Manitoba

Gary Doer calls May 22 election in Manitoba

Manitoba NDP Leader Gary Doer has formally dissolved his majority government and called an election for May 22, the Tuesday after the Victoria Day long weekend.

Manitoba NDPLeaderGary Doer has formally dissolved his majority government and called an election for May 22, the Tuesday after the Victoria Day long weekend.

"We have shown that Manitoba has changed," Doer told cheering supporters at the Winnipeg Convention Centre. "We have changed because we have become a can-do province, and we will continue to be a can-do province."

Doer, who has led the province since 1999, is seeking his third term as premier. The NDP holds 35 of 57 seats in the legislature, while the Conservatives have 18 seatsand the Liberals havetwo.

Denis Rocan, a Conservative MLA until he was kicked out of the caucus this week, is now sitting as an Independent. There is also vacant seat, Kirkfield Park, which had been held by the Conservatives until Stuart Murray, the party's former leader, resigned.

While making the election call, Doer touted major developments his government has brought to the province, from colleges to downtown office buildings.

"The endangered species of the building crane has been returned to Manitoba with some of our development," he said.

Doer's party won the 2003 electionwithalmost half of the popular vote, the largest percentage since 1915. At the time,Doer campaigned hard on a health-care platform, and it is expected health will be a critical issue again in this election.

Critical about health care

The opposition parties have criticized the NDP for failing to provide enough beds in Manitoba hospitals. The NDP has argued throughoutboth of its mandatesthat the previous Conservative government was to blame formaking cuts to health care thatthe party sayscreated theproblems in the first place.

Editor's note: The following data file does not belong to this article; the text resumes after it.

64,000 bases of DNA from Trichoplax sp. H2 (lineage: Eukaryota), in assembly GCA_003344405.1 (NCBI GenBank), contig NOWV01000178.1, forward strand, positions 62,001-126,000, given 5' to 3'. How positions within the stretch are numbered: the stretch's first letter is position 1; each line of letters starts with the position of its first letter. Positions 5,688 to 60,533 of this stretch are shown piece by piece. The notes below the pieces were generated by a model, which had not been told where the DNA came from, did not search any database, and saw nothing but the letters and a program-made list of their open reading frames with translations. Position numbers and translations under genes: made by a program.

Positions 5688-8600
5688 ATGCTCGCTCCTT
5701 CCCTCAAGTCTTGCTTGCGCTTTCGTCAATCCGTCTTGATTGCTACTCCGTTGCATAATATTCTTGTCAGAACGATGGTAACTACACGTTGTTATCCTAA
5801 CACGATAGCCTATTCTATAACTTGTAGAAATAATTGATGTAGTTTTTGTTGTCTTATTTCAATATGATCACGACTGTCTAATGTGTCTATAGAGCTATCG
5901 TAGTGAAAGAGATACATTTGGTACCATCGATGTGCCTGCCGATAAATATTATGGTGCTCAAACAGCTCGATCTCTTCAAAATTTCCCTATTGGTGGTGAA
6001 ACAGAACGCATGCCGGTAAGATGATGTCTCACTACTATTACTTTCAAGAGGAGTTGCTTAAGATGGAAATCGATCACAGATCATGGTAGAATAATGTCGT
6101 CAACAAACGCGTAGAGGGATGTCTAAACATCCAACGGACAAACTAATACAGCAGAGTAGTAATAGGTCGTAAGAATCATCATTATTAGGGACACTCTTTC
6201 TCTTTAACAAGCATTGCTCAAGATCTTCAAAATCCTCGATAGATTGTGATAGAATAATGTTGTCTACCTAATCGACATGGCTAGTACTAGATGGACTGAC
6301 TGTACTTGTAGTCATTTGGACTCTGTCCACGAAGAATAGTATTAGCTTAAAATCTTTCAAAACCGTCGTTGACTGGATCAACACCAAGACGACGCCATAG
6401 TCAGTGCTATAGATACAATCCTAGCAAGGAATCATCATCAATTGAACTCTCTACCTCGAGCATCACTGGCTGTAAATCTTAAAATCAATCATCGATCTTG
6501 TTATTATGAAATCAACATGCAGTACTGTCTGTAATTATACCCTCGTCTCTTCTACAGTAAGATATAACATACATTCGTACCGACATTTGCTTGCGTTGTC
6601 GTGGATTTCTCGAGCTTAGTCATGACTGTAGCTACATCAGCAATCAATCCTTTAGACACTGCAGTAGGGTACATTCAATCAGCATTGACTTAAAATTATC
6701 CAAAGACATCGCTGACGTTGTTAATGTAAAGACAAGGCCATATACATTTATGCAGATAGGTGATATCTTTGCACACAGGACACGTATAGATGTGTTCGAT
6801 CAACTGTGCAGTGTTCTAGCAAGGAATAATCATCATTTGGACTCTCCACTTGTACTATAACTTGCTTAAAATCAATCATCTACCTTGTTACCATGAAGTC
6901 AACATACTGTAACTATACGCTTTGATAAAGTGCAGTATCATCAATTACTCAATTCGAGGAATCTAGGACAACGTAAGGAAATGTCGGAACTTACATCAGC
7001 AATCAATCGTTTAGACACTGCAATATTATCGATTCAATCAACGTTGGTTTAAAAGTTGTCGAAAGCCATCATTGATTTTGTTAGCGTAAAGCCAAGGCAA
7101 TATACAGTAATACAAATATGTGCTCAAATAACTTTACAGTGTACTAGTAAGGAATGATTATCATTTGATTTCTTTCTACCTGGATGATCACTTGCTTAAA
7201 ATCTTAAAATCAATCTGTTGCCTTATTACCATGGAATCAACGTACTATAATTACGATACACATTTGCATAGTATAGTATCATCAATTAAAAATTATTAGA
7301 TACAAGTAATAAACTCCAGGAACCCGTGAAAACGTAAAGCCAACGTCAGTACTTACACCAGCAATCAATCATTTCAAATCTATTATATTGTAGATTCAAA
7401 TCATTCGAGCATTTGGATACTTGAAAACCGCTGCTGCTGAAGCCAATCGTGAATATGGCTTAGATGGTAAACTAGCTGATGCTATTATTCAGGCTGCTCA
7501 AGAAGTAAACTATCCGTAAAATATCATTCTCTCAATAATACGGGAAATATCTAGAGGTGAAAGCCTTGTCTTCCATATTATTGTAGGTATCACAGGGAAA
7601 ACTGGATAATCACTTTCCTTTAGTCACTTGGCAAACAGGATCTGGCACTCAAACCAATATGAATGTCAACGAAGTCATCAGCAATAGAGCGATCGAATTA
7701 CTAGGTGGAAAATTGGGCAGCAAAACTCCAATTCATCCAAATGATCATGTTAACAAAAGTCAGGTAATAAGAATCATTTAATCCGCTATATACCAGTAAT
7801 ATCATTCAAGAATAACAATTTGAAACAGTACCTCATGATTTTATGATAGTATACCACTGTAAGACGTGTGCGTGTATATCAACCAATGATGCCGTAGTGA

Another hot issue in the election could be the government's role in the Crocus Investment Fund, which collapsed in 2005,resulting in a loss totallingmillions of dollars for the 34,000 Manitobans who put money into the fund.

The election is expected to be a tight race between the Conservatives and the NDP, especially for crucial seats in the southern areaof Winnipeg, such as Riel, St. Norbert and Seine River.

Those seats have beenheld by the Tories in the past, and party officialssay they're much better organized this time around than they were three years ago.

Poll suggests close race

A Probe Research poll conducted in early March indicated the NDP and Conservatives arein a dead-heat race,although other recent polls suggest Doer is one of the most popular premiers in the country.

Winning a third term in Manitoba has proven elusive for other Manitoba premiers. Conservative Premier Gary Filmon and the NDP's Ed Schreyer both lost power after two terms.

This will be Hugh McFadyen's first election as leader of the Conservatives.The rookie MLA was first electedin December 2005, and took over the party leadershipfrom Murray inApril 2006.

"The economy has been growing across North America, and Manitoba has not been keeping up,"said McFadyen, who argues that private-sector investment has lagged behind other provinces.

At the helm of the Liberal partyis Jon Gerrard, the only Liberal in the legislature from 1999 to 2003, before he was joined byLiberal Kevin Lamoureux of Inkster.

Gerrard launched his campaign Friday evening in front of a hospital that has struggled to address a physician shortage.

"(The NDP) has not been able to fix the problems that existed under the Tories," Gerrard said.

Andrew Basham leads the Green party, which hasnever elected an MLA.

Both the Tories and the NDP say theyexpect tospend about $1 million on the campaign. The Liberals expect to spend a record amount of money for the provincial party: $400,000.

With files from the Canadian Press